Nets’ national anthem singer kneels to finish performance

Getty Images
10 Comments

NEW YORK (AP)—  The national anthem singer at the Brooklyn Nets’ home opener took a knee at the end of her performance.

Justine Skye was nearing the completion of the song Friday night when she went to one knee for the finish. There were some cheers, but appeared to be more boos from the crowd at Barclays Center to see the Nets play the Orlando Magic.

NBA players have continued to stand during the playing of the anthems, as required by league rule.

Mavericks’ rookie guard Dennis Smith Jr. misses game with knee swelling

Getty Images
Leave a comment

DALLAS (AP) — Dallas Mavericks rookie point guard Dennis Smith Jr. missed Friday’s game against the Sacramento Kings with swelling in his left knee.

Smith, the ninth pick in the NBA draft out of North Carolina State, had 16 points and 10 assists in the Mavericks’ season-opening loss to the Atlanta Hawks.

Smith participated in the Mavericks’ shootaround on Friday morning and was a late scratch. It is not known if Smith will play Saturday for Dallas.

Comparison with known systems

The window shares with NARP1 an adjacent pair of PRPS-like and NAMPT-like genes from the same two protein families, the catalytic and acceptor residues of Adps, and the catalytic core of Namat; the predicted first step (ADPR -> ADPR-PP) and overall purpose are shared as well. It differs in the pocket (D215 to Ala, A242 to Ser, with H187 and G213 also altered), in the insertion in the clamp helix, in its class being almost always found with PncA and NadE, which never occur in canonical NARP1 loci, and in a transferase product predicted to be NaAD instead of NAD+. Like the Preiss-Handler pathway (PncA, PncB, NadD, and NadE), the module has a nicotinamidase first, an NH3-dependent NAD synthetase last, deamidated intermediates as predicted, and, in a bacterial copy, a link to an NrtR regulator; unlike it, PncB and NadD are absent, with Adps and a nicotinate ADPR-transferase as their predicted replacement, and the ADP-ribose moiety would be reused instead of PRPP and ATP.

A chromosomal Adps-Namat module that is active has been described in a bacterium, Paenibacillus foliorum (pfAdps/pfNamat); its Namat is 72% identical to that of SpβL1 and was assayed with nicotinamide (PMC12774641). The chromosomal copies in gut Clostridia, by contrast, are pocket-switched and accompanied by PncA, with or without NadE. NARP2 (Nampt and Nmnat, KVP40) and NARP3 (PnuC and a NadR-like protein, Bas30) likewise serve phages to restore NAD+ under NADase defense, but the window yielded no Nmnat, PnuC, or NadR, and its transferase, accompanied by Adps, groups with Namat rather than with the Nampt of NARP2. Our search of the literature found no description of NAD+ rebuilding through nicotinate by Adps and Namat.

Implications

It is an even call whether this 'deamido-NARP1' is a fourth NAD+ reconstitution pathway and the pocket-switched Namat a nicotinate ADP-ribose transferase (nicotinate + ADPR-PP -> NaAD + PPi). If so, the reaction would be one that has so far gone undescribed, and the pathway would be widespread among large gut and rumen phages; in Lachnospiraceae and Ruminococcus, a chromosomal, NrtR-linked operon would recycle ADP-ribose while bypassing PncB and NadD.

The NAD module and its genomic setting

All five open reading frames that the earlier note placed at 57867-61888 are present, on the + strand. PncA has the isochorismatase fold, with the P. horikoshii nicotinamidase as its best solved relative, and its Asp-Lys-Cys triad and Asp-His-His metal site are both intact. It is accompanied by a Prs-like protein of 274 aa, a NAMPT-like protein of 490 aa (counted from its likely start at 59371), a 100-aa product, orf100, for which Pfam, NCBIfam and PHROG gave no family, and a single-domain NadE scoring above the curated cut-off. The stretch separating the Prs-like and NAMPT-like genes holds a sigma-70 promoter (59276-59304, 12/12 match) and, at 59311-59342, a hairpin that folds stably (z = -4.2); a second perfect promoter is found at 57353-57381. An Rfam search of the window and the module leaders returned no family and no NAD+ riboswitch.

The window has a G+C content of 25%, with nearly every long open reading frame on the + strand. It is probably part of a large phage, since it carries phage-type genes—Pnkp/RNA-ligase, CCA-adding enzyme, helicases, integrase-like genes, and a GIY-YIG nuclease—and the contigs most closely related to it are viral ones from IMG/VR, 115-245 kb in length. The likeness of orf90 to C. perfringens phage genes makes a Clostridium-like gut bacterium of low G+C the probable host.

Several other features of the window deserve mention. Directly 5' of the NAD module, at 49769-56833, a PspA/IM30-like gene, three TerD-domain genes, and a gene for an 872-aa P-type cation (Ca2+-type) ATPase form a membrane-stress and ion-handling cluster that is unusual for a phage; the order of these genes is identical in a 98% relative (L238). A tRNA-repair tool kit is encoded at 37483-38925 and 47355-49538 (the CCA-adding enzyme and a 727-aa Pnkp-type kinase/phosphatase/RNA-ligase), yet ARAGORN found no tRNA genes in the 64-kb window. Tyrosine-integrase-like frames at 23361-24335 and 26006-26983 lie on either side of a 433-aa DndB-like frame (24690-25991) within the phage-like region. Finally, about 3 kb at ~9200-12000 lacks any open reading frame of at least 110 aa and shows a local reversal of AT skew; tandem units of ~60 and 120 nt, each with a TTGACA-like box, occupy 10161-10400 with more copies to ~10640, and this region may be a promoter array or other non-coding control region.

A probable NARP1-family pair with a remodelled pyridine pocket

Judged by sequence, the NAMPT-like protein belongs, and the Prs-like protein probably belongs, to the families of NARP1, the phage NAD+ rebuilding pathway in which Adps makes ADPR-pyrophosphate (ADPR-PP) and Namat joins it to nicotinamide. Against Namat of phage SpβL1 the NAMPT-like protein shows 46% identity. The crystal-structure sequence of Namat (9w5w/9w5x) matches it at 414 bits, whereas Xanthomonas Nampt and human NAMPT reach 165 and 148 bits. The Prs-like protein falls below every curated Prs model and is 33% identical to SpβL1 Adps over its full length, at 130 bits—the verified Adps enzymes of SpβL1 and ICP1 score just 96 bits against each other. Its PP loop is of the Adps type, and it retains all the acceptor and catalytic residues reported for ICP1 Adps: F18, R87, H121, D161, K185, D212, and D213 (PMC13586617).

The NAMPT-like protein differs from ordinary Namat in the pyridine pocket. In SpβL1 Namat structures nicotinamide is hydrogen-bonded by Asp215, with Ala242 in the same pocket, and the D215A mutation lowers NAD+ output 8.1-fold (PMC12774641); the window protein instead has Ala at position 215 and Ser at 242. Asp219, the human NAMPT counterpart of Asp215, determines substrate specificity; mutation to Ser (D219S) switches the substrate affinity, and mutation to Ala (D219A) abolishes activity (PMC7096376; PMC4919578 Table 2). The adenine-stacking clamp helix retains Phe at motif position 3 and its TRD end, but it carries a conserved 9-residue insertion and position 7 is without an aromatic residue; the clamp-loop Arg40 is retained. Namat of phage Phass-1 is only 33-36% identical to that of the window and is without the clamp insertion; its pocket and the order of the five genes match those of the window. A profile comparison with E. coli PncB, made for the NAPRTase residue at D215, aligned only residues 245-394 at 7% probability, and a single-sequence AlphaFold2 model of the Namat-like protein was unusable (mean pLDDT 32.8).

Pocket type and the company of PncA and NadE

The Mavericks were also missing guard Devin Harris, who was granted leave of absence after his brother died on Thursday.

Watch Lonzo Ball’s 29 point, 11 rebound, 9 assist game Friday night

6 Comments

This was more of what fans expected from Lonzo Ball.

After a rough first game against the Clippers — with Patrick Beverley in his face all night — Ball found plenty of room to operate against the soft defense of the Phoenix Suns. With room to operate Ball had 29 points, 11 rebounds, and nine assists — just one assist short of a triple-double. He helped the Lakers pull away to a lead in the third then hold on for a 132-130 win over the Suns.

Ball wasn’t terribly efficient, 12-of-27 shooting, but he was 4-of-9 from three, he played with great pace, he was decisive, and was finding guys with his passes. It was a step forward, even if it was against a sad defense (Eric Bledsoe can be a good defender, but he has seemed disinterested in recent years).

Ball and the Lakers are going to be up and down this season, the goal is for there to be more ups near the end of the season.